State wards get a helping hand
Youth at The Rio Cobre Juvenile Correctional Centre were fÍted to a New Year's treat hosted by YARD Empire in association with DTP Communications through their Heart of a Child Foundation last month.
The 39 boys in state care enjoyed an atmosphere of warmth, joy and inspiration as the organisers donated numerous supplies to the facility and held a rap session, including motivational talks to enable them to refocus for the upcoming year.
Martin Dryden, superintendent of the correctional facility, welcomed the guests as he shared in the delight of having a non-governmental organisation and a private entity partnering and giving support for rehabilitation. He used the opportunity to urge society to provide employment so that the youths can contribute meaningfully on being released.
Words of hope
Words of hope also came from another director of YARD, Dennis Archer, who said "don't be afraid to ask for help, as we are here to facilitate some of your requests".
Added Archer: "We understand what you're going through in this phase and that, upon completion, you will be seeking out new opportunities to improve your lives."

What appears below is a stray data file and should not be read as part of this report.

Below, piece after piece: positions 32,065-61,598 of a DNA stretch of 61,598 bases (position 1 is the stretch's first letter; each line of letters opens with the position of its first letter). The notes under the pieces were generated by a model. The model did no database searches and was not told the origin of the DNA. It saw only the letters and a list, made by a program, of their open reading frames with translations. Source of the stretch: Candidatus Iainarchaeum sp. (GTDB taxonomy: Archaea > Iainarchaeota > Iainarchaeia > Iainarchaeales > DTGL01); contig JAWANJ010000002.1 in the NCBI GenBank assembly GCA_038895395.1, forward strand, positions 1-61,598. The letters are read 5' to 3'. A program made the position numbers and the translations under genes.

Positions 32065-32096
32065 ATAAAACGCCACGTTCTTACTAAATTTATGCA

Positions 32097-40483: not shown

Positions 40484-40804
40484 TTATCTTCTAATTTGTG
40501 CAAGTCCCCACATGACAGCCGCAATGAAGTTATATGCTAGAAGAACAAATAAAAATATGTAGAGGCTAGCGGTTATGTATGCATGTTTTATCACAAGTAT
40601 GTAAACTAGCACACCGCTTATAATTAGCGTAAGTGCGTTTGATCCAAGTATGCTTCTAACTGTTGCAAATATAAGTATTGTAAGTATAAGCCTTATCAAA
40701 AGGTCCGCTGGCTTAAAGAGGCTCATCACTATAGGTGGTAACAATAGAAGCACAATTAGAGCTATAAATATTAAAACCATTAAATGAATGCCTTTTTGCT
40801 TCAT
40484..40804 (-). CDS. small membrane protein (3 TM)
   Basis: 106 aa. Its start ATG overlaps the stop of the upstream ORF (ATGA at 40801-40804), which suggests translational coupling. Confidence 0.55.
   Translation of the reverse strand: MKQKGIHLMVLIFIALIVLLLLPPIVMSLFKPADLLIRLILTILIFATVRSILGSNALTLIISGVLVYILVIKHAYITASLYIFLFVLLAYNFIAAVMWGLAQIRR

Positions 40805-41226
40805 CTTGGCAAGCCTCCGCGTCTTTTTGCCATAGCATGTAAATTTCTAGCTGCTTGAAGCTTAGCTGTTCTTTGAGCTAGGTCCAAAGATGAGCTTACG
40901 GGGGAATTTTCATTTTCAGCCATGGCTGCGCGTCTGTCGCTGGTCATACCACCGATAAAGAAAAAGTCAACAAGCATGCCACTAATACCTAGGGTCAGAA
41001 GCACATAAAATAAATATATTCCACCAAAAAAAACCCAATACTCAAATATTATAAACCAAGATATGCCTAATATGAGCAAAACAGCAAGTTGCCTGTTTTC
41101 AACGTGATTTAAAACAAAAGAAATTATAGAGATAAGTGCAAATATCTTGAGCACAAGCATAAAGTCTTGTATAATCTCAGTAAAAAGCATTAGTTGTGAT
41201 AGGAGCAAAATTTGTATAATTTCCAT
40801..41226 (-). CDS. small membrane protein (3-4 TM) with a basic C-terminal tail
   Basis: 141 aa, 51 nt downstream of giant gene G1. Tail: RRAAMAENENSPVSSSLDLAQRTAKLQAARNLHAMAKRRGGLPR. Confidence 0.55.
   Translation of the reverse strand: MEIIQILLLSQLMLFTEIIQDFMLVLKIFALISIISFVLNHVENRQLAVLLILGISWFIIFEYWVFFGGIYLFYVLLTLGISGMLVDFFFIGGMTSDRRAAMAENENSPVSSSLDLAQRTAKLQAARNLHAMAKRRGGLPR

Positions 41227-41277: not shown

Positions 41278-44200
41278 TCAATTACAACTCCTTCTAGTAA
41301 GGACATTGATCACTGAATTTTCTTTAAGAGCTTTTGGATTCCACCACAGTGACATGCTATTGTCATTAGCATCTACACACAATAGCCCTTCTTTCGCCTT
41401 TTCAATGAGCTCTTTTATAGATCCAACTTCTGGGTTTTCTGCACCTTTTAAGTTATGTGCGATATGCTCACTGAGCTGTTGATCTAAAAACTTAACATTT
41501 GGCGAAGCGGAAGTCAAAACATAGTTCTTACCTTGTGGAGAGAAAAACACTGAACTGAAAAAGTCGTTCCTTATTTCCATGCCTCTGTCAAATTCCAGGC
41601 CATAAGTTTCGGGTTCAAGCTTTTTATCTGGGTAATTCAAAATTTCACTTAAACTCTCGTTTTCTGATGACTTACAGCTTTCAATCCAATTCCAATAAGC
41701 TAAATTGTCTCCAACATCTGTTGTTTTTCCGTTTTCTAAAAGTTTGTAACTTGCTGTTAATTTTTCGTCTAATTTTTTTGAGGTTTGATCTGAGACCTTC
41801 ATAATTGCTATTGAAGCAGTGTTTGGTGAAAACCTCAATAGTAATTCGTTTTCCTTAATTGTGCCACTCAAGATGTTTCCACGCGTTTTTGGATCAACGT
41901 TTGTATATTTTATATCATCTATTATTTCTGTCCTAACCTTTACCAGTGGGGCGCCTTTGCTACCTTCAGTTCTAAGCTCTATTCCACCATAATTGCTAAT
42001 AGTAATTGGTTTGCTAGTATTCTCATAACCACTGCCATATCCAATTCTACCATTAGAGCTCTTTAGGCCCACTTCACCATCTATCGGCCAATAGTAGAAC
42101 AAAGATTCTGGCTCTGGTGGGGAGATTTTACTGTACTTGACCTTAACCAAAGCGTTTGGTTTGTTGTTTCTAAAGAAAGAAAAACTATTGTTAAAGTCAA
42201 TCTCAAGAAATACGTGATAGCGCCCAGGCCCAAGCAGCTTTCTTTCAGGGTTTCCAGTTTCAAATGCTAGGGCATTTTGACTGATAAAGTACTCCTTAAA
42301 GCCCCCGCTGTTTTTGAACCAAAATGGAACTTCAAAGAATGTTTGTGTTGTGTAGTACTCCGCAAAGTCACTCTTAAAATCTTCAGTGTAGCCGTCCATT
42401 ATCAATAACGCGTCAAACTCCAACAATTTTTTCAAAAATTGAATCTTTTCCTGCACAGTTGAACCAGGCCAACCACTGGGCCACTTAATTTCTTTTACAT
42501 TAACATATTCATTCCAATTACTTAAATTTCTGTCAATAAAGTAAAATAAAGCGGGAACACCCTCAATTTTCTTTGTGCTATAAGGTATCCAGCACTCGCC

Keith Byfield, main speaker and director of finance for YARD Empire, charged the young men to dream big dreams and to never cease that pursuit. He gave an overview of YARD Empire Foundation as a new NGO registered in June 2016 and receiving its charitable status in November 2016. He encouraged the boys to make the best use of the training programmes offered by YARD, both for the skills taught and for use of the arts in their daily lives.
Trudy-Kay Pottinger, CEO of DTP Communications Ltd. and founder of Heart of a Child Foundation, shared with the boys that everyone is entitled to make mistakes.
"You have to go through various experiences and look to the positives of the future," Pottinger said.
After explaining what she deemed as mistakes in her life, she ended her address by sharing that her foundation would commit to providing a scholarship for a young man from the facility to pursue training at an appropriate educational institution.
Iris 'Terri' Salmon, YARD founder and president, who arranged her organisation's partnership with the correctional centre, said she believed no child is born "bad" and expressed her organisation's commitment to helping at-risk boys reach for the stars through the arts.